Cth Introduces Bill To Establish Extended Supervision Order Scheme For High Risk Terrorist Offenders

Thursday 10 September 2020 @ 3.35 p.m. | Crime | Judiciary, Legal Profession & Procedure | Legal Research

The Counter-Terrorism Legislation Amendment (High Risk Terrorist Offenders) Bill 2020 (Cth) (the “Bill”) was introduced to Federal Parliament’s House of Representatives on 3 September 2020 by Christian Porter (Attorney-General). The Bill is currently before the House of Representatives.

Background

According to the Bill’s Explanatory Memorandum, the Bill is intended to “broaden the range of tools available to protect the community from the high level of risk that convicted terrorist offenders may pose once they are released”.

Currently, where a terrorist offender continues to pose a risk to the community at the expiration of their custodial sentence, the primary option for managing this risk is through seeking a Continuing Detention Order (“CDO”).  This involves seeking a court order to commit a terrorist offender to detention in a prison for the period the order is in force. Extended Supervision Orders (“ESOs”) would present a less restrictive measure to manage the risk posed by an offender, where a court is not satisfied that continued detention is necessary to prevent that risk.

As noted in a Media Release from the office of Peter Dutton, the Minister for Home Affairs, the Bill:

“… will establish an extended supervision order scheme to ensure that high risk terrorist offenders who are released into the community at the end of their custodial sentences are subject to close supervision in proportion to the level of risk they pose to community safety.”

The Bill’s Explanatory Memorandum (“EM”) also notes the Bill:

“… will strengthen Australia’s counter-terrorism framework by amending Part 5.3 of the Criminal Code to establish an extended supervision order (ESO) scheme for high-risk terrorist offenders. The scheme will complement the existing continuing detention order (CDO) scheme in Part 5.3 of the Criminal Code, and will enable Supreme Courts to make, as an alternative to a CDO, an ESO with respect to a high-risk terrorist offender to prevent the risk they pose to the community at the end of their custodial sentence.”

Overview of the Proposed Amendments

According to the Explanatory Memorandum, the Bill is also intended to address the “current lack of inter-operability between CDOs and control orders in the Criminal Code due to the different courts from which these orders may be sought”.

Currently under Division 105A of the Criminal Code, a "State or Territory Supreme Court may impose a CDO for up to three years if satisfied to a high degree of probability, on the basis of admissible evidence, that the offender poses an unacceptable risk of committing a serious Part 5.3 offence". The Court cannot make a CDO if a less restrictive measure, for example a control order, would be effective in preventing the unacceptable risk. However, a Supreme Court cannot make a control order – only the Federal Court or the Federal Circuit Court can make such an order.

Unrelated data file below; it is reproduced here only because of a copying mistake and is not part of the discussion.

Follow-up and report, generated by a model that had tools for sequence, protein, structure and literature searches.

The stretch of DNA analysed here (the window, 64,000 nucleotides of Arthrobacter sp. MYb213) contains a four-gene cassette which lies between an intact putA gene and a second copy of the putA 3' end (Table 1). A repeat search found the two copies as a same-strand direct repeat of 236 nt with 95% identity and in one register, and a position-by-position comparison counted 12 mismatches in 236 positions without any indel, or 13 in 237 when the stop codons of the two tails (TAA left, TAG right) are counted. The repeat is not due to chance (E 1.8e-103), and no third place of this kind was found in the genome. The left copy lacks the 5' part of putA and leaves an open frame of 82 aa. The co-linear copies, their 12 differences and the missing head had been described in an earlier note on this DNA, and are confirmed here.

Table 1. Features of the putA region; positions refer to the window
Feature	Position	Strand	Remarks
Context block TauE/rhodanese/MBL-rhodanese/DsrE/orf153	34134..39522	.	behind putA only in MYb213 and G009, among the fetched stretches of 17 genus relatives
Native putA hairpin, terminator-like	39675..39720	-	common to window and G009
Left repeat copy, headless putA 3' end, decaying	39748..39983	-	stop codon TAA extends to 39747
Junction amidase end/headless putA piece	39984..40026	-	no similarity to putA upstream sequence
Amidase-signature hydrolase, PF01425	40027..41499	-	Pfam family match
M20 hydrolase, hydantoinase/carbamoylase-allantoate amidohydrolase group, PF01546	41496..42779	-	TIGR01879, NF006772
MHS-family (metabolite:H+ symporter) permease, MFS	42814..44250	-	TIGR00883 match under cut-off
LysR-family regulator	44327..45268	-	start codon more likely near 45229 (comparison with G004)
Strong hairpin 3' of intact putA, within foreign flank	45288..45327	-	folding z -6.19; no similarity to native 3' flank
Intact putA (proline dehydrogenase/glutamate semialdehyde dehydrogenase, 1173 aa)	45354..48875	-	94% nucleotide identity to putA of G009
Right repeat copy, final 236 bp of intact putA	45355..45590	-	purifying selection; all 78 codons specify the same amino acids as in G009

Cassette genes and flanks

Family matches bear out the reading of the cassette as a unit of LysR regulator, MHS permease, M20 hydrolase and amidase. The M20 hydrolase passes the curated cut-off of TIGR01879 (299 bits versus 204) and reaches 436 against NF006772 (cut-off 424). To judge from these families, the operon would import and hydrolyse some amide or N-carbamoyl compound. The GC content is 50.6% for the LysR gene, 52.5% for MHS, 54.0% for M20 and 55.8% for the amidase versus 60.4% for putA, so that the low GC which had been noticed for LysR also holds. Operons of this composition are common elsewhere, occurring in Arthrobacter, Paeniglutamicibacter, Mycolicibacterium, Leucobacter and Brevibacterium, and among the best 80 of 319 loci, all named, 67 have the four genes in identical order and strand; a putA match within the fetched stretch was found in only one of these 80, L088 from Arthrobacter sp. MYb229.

The main amendments contained in Part 1 of the Bill include extensive amendments to:

  • Criminal Code Act 1992;

Consequential amendments contained in Part 2 of the Bill amend:

  • Administrative Decisions (Judicial Review) Act 1977;
  • Australian Security Intelligence Organisation Act 1979;
  • Crimes Act 1914;
  • Surveillance Devices Act 2004; and
  • Telecommunications (Interception and Access) Act 1979.

Further amendments contained in Part 3 amend:

  • Crimes Act 1914; and
  • Telecommunications (Interception and Access) Act 1979.

Reaction and Comment on the Bill

In his speech to Parliament, the Minister said:

“… convicted terrorist offenders can pose a very real threat to the community at the conclusion of their sentence. With several convicted terrorist offenders due to complete their custodial sentences of imprisonment in the next five years, the need for effective risk management measures to keep our community safe is greater than ever. The bill seeks to broaden the range of tools available to address the risk posed by convicted terrorist offenders.”

The Law Council of Australia quoted Law Council President, Pauline Wright as saying about the Bill:

“We appreciate that these are unprecedented times but given the extraordinary nature of ASIO’s detention powers they should not be further extended. We need to strike a balance between community safety and protecting individual freedoms. Australians expect our security agencies to respond proportionately to terrorism threats and it’s time the Federal Government repeals these powers once and for all.”

It was announced in a joint media release with Peter Dutton MP and Christian Porter MP:

“High-risk convicted terrorists will face even tighter controls when they are released from prison under a new intensive supervision regime designed to reduce the threat of them re-offending … Extended Supervision Orders will help to significantly reduce that danger by ensuring the broadest possible range of controls can be applied to offenders that are both proportionate to the risk and necessary to prevent them from doing further harm.”

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